Covid19 – Father losses legal battle to prevent his children from returning to school.
As the nation gets ready to send those pupils in reception, Year 1 and Year 6 back to school next week, there is bound to be disagreement between separated parents as to whether the return to school is in the child’s best interests.
A tabloid paper has reported that, last week, the Family Court in Portsmouth refused a Father’s application to prevent his two children, aged 10 and 8, from returning to school. The case has not been formally reported and neither is it likely to be unless it is appealed by the Father. Therefore, all information has been taken directly from the newspaper report
However, we get the sense that the Father has reported his version of events, so we need to proceed with caution on the facts.
It is suggested that the Mother is a primary school teacher. As she is a keyworker, it is likely that the children have remained in the school setting from the beginning. The report also suggests that it was the Mother’s application to permit the children to be at school and further comments in the report lead us to assume that the Father may have sought to retain the children in his care, which may have been at odds with any Child Arrangements Order. The Father may have cross-applied for a Prohibited Steps Order or a Specific Issue Order but this is unconfirmed.
We are told that the two children in question are the subject of a shared care arrangement between their parents, one week with their Mother and then the following week with their Father. Presumably the Mother, as a teacher has been forced to carry on working during the lockdown and so the children were able to go to school to enable her to work. The newspaper report suggests that the Father’s opposition to the children’s return to school resulted in the Court awarding “a return to the original custody agreement” of a 60/40 split of the children’s time in favour of the Mother. The terminology used in the report is outdated and incorrect. The terms access/contact or custody/residence have not been used since the 2014 when changes to children legislation saw the introduction of Child Arrangement Orders. For the Court to change the status quo and move from dividing the children’s time equally to an arrangement where they spent more time with the Mother, leads us to believe that they may have found fault with the Father’s conduct and the resulting impact on the children’s welfare. It is however interesting that the Court agreed to children being returned to school when one parent was home and able to care for them.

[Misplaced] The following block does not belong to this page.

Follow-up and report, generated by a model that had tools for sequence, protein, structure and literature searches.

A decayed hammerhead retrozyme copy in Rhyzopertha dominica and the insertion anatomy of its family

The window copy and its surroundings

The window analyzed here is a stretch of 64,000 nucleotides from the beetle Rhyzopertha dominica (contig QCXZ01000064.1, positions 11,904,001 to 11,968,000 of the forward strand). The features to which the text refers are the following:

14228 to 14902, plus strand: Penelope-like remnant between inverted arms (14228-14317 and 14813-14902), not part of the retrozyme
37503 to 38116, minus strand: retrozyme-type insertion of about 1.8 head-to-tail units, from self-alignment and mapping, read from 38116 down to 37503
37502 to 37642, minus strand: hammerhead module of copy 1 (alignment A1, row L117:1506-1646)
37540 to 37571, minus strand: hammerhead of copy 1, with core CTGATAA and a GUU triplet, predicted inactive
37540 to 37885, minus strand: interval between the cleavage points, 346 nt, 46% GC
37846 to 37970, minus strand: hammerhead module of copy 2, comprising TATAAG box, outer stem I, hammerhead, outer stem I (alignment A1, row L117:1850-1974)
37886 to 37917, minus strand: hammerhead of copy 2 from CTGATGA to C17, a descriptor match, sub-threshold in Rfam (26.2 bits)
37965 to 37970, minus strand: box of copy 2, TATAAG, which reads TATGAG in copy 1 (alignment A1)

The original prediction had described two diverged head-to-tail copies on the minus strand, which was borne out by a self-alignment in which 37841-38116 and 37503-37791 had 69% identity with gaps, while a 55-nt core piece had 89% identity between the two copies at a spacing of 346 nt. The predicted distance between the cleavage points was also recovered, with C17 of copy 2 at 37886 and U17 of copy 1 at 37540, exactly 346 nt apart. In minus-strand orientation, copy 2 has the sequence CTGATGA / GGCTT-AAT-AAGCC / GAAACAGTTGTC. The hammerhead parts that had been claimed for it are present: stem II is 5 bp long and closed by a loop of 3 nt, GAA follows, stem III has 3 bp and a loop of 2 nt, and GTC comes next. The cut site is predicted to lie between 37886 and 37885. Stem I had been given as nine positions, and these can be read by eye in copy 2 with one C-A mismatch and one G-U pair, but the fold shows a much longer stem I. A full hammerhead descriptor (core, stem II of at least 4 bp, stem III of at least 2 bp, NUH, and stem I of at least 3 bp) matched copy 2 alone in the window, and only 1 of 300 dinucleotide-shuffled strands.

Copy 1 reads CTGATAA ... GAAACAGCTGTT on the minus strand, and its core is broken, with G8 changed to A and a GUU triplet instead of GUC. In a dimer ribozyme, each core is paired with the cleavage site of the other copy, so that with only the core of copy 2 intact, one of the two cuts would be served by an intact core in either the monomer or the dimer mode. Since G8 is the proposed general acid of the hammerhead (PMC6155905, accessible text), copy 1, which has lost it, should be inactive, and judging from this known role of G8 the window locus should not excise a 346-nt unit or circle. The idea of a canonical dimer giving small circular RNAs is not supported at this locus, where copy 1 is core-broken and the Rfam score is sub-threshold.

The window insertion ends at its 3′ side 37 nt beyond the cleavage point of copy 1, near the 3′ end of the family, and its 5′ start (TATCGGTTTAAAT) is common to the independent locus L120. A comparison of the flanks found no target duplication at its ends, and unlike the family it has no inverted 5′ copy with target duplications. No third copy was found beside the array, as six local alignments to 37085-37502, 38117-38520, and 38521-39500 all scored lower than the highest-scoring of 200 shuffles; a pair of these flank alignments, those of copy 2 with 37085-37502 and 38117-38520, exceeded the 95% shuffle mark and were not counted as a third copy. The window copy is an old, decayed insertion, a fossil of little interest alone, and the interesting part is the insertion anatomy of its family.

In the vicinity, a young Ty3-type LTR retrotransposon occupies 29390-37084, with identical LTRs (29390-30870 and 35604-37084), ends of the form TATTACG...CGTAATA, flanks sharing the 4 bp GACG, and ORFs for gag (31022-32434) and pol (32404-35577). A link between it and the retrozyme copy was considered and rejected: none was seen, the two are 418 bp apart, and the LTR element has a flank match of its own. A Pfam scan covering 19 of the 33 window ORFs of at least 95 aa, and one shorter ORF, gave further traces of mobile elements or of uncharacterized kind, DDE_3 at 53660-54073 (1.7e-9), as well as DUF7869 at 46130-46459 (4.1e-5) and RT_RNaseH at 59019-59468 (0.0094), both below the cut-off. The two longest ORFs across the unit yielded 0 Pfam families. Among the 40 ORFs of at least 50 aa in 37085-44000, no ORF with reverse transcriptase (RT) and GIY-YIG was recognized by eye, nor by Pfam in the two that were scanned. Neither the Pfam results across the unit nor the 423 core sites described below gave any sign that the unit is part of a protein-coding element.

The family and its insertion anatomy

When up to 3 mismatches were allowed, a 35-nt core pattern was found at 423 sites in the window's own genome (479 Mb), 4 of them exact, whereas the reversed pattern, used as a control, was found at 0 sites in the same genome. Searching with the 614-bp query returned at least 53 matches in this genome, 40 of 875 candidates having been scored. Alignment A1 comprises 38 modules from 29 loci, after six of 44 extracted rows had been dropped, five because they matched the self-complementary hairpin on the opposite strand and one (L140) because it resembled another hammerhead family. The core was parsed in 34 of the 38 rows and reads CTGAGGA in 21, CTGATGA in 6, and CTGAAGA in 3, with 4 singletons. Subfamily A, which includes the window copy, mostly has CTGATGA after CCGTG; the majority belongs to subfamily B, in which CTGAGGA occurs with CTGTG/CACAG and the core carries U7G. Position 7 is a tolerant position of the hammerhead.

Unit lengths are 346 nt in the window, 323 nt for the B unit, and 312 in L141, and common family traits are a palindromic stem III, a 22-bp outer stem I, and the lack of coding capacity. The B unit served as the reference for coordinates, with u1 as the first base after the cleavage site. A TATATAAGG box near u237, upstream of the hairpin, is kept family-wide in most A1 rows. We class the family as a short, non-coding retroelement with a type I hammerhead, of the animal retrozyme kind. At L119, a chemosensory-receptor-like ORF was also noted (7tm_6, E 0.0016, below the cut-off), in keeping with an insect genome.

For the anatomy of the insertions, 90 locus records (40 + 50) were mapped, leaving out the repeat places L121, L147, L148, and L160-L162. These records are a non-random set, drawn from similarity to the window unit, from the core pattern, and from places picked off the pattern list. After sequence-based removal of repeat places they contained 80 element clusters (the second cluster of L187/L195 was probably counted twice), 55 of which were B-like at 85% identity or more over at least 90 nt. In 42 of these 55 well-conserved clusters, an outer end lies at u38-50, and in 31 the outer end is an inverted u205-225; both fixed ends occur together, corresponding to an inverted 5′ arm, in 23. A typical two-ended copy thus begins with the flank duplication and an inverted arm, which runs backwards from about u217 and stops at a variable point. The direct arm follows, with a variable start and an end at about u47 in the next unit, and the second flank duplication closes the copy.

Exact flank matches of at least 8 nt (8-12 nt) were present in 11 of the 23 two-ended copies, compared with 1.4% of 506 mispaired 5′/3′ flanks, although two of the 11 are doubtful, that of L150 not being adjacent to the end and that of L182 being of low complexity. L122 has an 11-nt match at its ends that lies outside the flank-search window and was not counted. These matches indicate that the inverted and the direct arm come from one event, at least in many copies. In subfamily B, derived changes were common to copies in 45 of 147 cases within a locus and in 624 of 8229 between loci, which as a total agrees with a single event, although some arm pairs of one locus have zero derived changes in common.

By way of explanation, in the course of disputes between parents, the Court can make the following Orders:
- Child Arrangements Order (“CAO”) – Order settling the arrangements to be made as to the person whom the child will live, and to allow the child to visit or stay with the person named in the Order. These were previously known as Residence and Contact Orders
- Prohibited Steps Order (“PSO”) – An Order that can prevent a person exercising their parental responsibility against the specific terms of an Order
- Specific Issue Order (“SIO”) – An Order giving directions to determine a specific question which has arisen or may arise in connection with any aspect of parental responsibility for the child.
Court proceedings should always be a last resort and we would advise any parents experiencing similar issues to those above, to seek expert advice.
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